Influence of the Crystallization Firing Process on Marginal and Internal Adaptation of Silicate-based Glass-ceramic Inlays Fabricated With a CAD/CAM Chairside System

Oper Dent. 2023 Nov 1;48(6):657-665. doi: 10.2341/22-120-L.


Objective: Computer-aided design/computer-aided manufacturing (CAD/CAM) systems are widely used in dental treatment. Clinicians can use chairside CAD/CAM technology, which has the advantage of being able to fabricate inlays on the same day. We aimed to evaluate the effects of crystallization firing processes, fabrication methods (one-step and two-step), and materials on marginal and internal adaptations of silicate-based glass-ceramic all-ceramic inlays fabricated with CAD/CAM chairside systems.

Methods: Ten artificial mandibular left first molars were prepared with standardized ceramic class II mesialocclusal (MO) inlay cavities. Optical impressions were obtained using CEREC Omnicam Ban. IPS e-max CAD (IE), (Ivoclar Vivadent, Schaan, Liechtenstein), Initial LiSi Block (LS) (Hongo, Bunkyoku, Tokyo, Japan), VITA Suprinity (SP), (Vita Zahnfabrick, Bad Säckingen, Germany), and Celtra Duo (CD) (Ivoclar Vivadent, Schaan, Liechtenstein) (n=10) were milled using CEREC MC XL (Bensheim, Germany). IE and SP were crystallization-fired using CEREC Speed Fire. The silicone replica technique was used for the measurement of internal (axial and pulpal walls) and marginal (cervical and occlusal edge) adaptations. The adaptations were measured using a thin layer of light-body polyvinyl siloxane impression material placed between the master tooth inlay preparation and restoration. Marginal and internal adaptations of IE, LS, SP, and CD were measured using a stereomicroscope (500×). For IE and SP, marginal and internal adaptations were measured before and after the crystallization firing process. Data analyses were conducted using one-way ANOVA and the Tukey test. For IE and SP, marginal and internal adaptations before and after the crystallization firing process were analyzed using the t-test. The significance level was set at α=0.05.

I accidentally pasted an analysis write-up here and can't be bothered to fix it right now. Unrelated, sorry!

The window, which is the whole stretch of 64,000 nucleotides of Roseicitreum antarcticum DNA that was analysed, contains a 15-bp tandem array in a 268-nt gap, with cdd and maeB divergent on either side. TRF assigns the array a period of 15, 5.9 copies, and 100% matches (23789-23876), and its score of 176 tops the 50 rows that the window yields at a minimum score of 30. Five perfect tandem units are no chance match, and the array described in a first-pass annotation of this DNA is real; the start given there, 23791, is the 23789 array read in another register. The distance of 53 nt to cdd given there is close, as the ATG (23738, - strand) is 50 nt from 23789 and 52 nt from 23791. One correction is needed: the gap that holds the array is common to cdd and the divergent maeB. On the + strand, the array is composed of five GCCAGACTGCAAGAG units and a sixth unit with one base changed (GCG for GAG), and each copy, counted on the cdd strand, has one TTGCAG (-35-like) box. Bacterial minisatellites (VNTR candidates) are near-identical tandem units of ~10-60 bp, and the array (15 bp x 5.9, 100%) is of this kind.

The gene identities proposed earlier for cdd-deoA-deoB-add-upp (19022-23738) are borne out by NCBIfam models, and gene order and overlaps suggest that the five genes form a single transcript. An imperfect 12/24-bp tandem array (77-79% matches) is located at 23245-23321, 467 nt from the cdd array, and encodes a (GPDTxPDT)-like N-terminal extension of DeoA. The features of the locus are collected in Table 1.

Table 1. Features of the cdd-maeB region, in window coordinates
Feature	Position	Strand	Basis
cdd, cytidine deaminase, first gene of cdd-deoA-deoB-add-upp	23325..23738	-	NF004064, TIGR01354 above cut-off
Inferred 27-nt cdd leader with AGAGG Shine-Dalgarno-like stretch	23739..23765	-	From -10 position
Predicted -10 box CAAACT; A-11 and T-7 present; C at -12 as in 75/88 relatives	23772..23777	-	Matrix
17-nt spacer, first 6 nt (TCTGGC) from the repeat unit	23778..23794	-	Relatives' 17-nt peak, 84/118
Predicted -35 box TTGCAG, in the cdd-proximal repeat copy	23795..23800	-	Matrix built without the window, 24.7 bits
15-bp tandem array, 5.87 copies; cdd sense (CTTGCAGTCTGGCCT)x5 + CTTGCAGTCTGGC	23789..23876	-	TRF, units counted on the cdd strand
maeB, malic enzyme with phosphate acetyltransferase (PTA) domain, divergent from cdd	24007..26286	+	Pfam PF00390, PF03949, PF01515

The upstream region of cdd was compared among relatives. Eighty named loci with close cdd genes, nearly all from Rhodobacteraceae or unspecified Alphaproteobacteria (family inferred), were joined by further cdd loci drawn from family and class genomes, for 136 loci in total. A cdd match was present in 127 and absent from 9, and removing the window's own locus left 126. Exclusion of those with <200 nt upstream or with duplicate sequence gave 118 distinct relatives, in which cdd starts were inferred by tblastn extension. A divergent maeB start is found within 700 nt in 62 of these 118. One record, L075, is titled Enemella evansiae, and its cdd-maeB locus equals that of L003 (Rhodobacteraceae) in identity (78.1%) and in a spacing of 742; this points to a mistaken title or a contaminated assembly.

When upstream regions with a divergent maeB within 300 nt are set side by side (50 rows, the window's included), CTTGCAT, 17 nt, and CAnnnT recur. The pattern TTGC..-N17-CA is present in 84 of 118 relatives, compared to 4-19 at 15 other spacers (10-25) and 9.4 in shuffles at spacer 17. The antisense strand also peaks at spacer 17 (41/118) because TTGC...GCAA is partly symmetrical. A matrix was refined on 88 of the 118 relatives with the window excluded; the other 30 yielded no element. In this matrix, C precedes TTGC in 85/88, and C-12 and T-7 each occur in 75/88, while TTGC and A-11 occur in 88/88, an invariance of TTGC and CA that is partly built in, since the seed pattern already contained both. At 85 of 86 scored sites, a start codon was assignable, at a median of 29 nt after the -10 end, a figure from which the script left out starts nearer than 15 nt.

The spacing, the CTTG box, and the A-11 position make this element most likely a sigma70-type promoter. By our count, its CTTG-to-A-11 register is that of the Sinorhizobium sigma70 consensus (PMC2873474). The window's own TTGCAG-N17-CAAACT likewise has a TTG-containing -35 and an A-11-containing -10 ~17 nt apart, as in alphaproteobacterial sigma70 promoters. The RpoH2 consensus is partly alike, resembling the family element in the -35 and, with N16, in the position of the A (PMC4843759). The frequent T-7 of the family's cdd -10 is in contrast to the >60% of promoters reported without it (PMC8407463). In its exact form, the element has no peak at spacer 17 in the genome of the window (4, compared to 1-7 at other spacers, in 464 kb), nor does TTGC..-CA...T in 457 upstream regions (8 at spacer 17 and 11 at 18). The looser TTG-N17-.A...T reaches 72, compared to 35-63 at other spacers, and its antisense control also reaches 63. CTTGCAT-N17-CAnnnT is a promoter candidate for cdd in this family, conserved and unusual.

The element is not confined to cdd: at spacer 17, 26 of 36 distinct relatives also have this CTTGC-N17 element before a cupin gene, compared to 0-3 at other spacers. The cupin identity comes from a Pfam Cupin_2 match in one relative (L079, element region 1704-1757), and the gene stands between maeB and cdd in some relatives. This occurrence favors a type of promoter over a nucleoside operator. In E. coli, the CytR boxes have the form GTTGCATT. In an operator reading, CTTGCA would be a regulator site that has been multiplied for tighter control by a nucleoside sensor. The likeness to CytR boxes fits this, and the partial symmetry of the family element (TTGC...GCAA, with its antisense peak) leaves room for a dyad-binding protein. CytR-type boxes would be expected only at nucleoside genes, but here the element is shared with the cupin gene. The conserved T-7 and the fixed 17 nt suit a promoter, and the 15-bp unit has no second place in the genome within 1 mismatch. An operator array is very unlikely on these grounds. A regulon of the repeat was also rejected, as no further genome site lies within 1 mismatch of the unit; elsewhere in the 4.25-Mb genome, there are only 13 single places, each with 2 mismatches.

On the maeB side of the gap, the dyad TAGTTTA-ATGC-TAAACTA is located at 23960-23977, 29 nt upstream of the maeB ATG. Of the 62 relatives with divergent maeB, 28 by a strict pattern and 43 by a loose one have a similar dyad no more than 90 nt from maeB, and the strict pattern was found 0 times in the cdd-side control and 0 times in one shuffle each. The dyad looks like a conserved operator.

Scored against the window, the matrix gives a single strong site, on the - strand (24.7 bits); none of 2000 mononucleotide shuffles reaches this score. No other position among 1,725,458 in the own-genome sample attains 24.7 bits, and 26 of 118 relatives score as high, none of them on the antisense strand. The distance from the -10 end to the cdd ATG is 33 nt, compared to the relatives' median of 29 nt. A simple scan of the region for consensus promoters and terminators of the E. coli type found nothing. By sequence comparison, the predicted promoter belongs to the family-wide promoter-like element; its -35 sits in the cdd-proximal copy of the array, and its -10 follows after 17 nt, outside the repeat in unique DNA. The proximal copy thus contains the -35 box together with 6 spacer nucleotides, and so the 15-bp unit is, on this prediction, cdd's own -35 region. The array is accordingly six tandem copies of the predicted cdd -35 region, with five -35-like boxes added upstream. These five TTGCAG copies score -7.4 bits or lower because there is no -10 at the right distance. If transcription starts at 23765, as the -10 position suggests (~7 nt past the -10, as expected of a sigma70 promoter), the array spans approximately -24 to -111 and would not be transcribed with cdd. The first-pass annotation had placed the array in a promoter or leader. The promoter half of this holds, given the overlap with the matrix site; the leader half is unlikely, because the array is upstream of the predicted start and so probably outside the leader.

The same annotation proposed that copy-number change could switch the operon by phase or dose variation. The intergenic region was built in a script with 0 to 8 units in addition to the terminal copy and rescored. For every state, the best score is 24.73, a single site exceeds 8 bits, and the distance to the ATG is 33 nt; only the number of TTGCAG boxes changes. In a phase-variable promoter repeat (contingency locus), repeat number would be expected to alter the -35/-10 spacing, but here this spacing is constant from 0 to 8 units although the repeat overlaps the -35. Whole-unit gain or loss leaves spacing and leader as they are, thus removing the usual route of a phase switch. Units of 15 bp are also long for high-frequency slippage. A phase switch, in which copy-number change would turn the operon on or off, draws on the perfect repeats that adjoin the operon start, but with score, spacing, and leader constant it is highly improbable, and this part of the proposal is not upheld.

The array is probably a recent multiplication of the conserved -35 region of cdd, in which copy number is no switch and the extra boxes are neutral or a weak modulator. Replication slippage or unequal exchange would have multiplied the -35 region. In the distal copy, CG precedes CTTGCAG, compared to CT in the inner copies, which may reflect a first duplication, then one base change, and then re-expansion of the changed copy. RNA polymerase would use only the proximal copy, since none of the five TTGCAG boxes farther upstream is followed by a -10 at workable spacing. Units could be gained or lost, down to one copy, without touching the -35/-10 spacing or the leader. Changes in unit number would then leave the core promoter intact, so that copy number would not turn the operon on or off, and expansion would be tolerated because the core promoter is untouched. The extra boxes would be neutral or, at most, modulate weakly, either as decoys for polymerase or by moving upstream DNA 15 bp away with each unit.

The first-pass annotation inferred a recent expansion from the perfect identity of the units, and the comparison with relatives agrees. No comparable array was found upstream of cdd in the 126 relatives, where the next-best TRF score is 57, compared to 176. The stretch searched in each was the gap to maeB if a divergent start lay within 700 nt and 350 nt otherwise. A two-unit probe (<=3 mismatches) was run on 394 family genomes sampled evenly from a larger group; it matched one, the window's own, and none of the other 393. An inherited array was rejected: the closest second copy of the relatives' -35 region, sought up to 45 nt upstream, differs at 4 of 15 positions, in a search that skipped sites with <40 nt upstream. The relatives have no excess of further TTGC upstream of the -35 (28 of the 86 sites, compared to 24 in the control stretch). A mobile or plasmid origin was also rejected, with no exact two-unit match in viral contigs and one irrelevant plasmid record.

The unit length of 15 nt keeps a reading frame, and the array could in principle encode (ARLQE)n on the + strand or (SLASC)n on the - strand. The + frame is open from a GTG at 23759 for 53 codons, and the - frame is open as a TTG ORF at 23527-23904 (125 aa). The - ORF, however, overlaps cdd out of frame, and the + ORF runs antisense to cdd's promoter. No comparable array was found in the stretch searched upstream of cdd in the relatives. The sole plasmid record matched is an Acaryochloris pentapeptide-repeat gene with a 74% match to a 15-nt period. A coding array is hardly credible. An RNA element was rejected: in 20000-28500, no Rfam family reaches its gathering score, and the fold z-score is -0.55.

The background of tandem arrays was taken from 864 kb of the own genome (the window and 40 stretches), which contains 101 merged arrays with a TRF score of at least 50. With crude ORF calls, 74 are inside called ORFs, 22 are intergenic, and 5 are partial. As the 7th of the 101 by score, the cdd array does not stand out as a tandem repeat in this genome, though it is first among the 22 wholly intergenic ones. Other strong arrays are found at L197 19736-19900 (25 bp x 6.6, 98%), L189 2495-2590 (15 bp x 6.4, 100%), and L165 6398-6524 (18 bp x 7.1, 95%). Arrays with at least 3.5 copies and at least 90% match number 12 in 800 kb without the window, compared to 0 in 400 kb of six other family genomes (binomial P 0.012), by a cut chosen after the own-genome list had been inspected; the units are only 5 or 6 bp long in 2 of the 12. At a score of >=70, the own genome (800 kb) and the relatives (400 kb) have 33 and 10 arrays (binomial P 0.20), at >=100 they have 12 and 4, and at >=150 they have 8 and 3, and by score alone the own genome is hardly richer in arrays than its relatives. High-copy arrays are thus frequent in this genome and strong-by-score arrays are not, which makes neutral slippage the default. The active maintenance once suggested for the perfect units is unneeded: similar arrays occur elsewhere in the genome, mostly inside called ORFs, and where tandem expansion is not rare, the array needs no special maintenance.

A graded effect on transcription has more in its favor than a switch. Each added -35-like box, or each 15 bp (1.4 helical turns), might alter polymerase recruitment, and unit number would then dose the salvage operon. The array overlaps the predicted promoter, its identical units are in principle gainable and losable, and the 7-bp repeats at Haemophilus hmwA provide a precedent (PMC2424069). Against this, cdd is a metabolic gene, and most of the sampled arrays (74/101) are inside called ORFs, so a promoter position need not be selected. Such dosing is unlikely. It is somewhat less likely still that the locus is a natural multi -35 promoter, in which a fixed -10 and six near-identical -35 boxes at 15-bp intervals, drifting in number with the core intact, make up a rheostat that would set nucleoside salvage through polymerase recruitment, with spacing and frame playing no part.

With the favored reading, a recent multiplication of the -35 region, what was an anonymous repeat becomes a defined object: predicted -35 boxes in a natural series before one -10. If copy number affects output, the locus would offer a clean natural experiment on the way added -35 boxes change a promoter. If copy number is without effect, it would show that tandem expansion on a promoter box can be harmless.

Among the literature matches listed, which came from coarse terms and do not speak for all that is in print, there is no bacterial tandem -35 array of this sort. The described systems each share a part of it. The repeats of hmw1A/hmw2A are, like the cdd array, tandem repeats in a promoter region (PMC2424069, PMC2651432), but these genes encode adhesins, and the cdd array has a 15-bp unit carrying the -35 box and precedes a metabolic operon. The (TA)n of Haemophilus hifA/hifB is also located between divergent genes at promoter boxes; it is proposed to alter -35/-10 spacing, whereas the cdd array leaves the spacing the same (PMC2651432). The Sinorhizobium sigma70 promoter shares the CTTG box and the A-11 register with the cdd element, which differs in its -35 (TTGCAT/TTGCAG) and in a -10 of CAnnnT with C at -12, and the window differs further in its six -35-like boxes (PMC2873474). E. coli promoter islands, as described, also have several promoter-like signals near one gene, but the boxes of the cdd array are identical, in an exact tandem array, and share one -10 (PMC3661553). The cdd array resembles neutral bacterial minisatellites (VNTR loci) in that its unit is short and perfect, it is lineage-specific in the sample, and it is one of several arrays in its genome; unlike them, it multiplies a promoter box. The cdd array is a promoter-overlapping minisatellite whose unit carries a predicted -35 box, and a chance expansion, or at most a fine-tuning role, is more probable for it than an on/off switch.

Results: One-way ANOVA revealed statistically significant differences in occlusal and cervical edge marginal adaptations among the material groups (p<0.001). The Tukey HSD test revealed a significant difference in marginal occlusal and cervical edge adaptations between LS and CD groups and IE and SP groups (p≤0.05). For IE and SP inlays, the t-test revealed a significant difference between occlusal and cervical edge adaptations before the crystallization firing process and those after the crystallization firing process, with the latter group showing a more significant discrepancy in adaptation than the former group (p≤0.05).

Conclusions: Fabrication methods (one- and two-step) affected the marginal adaptation compatibility but not internal compatibility of MO inlays. The crystallization firing process affected the marginal adaptation of inlays using lithium silicate or lithium disilicate glass-ceramics. However, adaptation to the cavity was considered clinically acceptable for all materials.

MeSH terms

  • Ceramics
  • Computer-Aided Design
  • Crystallization
  • Dental Marginal Adaptation*
  • Dental Porcelain / chemistry
  • Dental Prosthesis Design / methods
  • Inlays*
  • Materials Testing
  • Silicates


  • Vivadent
  • Dental Porcelain
  • Silicates